If your state allows you to choose between personal injury protection (PIP) and MedPay, PIP is a better pick because it covers medical expenses alongside expanded coverage for lost wages and funeral expenses.

How much uninsured and underinsured motorist coverage do you need?

What it covers: Uninsured motorist (UM) coverage pays for your medical bills if a driver with no insurance or a hit-and-run driver causes an accident. Underinsured motorist (UIM) coverage protects you if a driver hits you who doesn’t have enough insurance to cover your medical bills. 

Required? Some states require UM/UIM coverage

Recommendation: Even if you don’t live in a state that requires it, it’s wise to match your UM/UIM coverage with your bodily injury liability limits. 

Zebra tip

Roughly 13% of drivers (or one out of eight) are uninsured, so anyone who drives can benefit for this coverage. 

What optional car insurance coverage should you consider?

Guaranteed Asset Protection (GAP)

What it covers: Gap insurance pays the difference between what’s owed on your loan and your vehicle’s actual cash value in the event of a total loss. 

Required? The coverage may be required if you don’t make a significant down payment when you purchase your vehicle.

Recommendation: Think about adding this coverage if you put down less than 20% or financed your vehicle for 60 months or longer.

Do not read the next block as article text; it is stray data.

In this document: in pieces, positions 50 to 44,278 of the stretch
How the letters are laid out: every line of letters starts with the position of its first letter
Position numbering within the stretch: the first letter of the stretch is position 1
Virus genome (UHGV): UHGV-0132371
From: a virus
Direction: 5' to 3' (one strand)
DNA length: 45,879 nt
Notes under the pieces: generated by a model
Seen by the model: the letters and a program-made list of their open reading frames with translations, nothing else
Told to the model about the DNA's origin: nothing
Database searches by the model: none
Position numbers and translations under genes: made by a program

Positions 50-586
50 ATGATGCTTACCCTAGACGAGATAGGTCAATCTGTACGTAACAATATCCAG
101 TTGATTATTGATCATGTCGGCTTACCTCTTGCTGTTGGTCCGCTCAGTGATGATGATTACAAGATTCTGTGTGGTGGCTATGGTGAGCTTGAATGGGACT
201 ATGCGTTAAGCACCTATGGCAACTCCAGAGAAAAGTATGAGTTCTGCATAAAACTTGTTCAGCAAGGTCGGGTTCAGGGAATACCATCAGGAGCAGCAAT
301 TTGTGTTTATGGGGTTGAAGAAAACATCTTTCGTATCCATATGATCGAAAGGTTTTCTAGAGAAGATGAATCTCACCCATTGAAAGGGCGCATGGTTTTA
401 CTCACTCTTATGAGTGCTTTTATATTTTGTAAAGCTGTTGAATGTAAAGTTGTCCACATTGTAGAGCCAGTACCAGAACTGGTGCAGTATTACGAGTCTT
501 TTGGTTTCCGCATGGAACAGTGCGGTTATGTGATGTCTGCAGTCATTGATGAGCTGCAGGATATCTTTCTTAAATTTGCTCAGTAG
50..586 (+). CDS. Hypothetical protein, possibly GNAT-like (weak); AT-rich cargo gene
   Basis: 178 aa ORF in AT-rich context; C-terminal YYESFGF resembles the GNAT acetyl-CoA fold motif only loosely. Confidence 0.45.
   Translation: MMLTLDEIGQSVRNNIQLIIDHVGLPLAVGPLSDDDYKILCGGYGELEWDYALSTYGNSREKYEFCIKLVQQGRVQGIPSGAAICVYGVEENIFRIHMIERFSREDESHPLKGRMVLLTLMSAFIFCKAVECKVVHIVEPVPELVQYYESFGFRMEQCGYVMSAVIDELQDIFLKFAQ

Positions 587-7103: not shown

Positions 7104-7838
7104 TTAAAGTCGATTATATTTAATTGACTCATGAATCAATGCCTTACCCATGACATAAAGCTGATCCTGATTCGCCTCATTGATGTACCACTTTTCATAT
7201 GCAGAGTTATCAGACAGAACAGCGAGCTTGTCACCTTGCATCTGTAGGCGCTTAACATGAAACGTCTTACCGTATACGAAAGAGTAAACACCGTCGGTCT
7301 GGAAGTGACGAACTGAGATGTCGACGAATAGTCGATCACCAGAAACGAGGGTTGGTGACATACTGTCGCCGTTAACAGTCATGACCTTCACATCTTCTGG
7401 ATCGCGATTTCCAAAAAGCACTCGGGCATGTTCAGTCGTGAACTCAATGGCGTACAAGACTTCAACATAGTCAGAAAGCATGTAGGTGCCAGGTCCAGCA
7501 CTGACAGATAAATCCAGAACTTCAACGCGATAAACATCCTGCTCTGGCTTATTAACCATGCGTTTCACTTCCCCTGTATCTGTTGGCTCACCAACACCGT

Rental Reimbursement

What it covers: Rental reimbursement pays for a rental car after an accident, usually with a set dollar amount and time frame, such as $50 per day for 30 days.

Required? It’s optional coverage.

Recommendation: Rental reimbursement makes sense if being without a vehicle would significantly interrupt your regular activities, such as going to work, school or doctor visits. Those with multiple cars or transportation alternatives can skip the coverage.

Rideshare Insurance

What it covers: Rideshare insurance fills the coverage gaps left by personal car insurance when working for ridesharing platforms like Uber or Lyft.

Required? Yes, your insurer may deny any rideshare claims without the coverage.

Recommended: If you plan to do any rideshare activity, tack on this coverage at the highest limits you can afford.

Roadside Assistance

What it covers: Roadside assistance is coverage to help you when you’re stranded. It provides gas refills, jumpstarts, tire changes, tows and other services.

Required? It’s optional coverage.

Recommendation: Roadside assistance is a relatively inexpensive policy option and is well worth the investment. However, you can skip the coverage if you already have the service through triple AAA or a credit card.

Zebra tip

Gap insurance is usually cheaper through your insurance company than the dealership’s finance department. And remove it once your car is worth more than you owe on your loan.

Compare insurance rates quickly and easily.

or
Location pin icon
No junk mail. No spam calls. Free quotes.
Don't forget to share!